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“I think the food culture won’t progress until the next generation exceeds the current one,” says sushi chef Norihito Endo. “Having an absolute respect for my masters is important, but at the same time, I try to see them as milestones I can go beyond.”

Though his father was also a sushi chef, Chef Endo initially left Japan to go to college in the U.K. and train to be a professional footballer. By leaving his home country, Endo gained a fresh perspective of his own culture, and developed a deeper appreciation of Japanese food traditions from the outside. As a result, Endo returned to Japan and trained under chef Takashi Saito, known as one of the world’s best sushi chefs, of the three Michelin-starred restaurant Sushi Saito in Tokyo.

After his training, Endo went on to open his own restaurant, Ebisu Endo, which has become one of Japan’s best sushi restaurants after just one year. Now, he hopes to build on what he learned, putting his own spin on classics like eel, sea bream, tuna, and squid, while ushering in the next generation of Tokyo’s sushi masters.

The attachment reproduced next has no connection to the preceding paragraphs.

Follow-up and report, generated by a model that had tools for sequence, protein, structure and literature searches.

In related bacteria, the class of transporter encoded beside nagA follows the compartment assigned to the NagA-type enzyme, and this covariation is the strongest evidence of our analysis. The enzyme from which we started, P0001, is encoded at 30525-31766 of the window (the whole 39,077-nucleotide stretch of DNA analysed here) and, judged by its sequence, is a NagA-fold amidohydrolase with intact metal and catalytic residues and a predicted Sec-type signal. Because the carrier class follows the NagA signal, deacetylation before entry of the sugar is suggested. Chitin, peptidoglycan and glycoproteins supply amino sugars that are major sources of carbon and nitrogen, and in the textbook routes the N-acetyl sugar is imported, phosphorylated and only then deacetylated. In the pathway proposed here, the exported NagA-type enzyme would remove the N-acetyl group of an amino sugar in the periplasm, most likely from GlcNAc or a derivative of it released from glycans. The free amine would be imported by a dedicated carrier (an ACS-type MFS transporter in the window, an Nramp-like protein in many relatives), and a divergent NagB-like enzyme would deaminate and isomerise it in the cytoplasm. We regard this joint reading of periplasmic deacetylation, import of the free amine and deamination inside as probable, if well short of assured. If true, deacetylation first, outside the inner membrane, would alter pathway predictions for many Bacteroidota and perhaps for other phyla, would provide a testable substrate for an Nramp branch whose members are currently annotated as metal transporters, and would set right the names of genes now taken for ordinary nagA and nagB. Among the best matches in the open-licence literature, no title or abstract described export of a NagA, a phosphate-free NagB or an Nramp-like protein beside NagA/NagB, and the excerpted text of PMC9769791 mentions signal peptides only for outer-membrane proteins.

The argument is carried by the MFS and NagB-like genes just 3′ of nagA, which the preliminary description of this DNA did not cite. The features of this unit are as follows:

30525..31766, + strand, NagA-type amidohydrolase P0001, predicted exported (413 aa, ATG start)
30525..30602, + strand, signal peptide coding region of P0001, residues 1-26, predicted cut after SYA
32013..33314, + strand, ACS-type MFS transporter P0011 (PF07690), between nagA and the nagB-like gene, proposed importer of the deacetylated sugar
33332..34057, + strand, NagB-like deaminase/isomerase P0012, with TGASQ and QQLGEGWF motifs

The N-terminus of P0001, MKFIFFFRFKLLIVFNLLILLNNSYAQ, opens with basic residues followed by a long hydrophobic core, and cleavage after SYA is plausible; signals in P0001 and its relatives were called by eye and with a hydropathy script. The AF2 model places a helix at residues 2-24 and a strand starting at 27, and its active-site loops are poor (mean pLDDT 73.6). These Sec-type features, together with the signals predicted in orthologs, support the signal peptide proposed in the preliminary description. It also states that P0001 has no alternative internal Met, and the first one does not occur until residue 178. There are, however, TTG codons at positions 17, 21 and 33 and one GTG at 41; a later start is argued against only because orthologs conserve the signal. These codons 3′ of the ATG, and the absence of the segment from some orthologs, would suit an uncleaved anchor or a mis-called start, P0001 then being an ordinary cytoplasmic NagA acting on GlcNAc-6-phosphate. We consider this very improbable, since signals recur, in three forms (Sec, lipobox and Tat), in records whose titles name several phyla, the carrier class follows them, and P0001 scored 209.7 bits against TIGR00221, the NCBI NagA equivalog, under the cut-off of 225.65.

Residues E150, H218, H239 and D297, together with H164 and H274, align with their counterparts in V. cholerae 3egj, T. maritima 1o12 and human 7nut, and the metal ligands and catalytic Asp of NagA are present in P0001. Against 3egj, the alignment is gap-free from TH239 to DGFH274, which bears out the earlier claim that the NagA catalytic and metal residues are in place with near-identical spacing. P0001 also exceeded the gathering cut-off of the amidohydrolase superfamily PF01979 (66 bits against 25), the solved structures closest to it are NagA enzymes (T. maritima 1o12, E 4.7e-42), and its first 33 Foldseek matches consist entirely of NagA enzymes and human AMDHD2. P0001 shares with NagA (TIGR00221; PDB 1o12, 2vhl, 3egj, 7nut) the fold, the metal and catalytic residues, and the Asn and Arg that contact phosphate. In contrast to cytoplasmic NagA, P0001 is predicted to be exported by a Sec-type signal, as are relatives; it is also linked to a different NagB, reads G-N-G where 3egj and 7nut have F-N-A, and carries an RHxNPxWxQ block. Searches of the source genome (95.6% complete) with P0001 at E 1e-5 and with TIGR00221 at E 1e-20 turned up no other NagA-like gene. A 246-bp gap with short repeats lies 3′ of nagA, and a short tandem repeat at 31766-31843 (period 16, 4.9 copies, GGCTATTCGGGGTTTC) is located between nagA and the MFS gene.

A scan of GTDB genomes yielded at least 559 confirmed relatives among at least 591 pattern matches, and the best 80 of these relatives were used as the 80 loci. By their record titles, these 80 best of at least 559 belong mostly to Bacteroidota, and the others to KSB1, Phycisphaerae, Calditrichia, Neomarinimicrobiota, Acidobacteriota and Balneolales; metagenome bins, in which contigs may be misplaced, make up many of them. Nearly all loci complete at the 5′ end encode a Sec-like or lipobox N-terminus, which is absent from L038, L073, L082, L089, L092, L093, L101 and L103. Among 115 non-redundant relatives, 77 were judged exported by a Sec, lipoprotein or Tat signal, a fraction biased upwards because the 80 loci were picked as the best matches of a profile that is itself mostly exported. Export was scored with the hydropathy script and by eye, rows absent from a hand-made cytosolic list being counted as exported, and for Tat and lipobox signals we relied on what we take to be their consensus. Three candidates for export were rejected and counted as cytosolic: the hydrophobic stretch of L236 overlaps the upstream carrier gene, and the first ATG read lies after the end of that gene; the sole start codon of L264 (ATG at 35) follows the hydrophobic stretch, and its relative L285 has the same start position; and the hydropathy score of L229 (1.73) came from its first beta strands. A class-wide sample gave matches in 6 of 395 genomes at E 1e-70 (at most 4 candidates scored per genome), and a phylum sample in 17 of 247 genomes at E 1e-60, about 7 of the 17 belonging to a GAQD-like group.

“Learning history is important, but following in the exact footsteps of my predecessors is a waste of time, in my opinion,” says Endo. “We can find the answers to questions we have by looking back in history. We are standing where we are because of the path our predecessors made. Without knowing what people did before, we are bound to walk the same path.”

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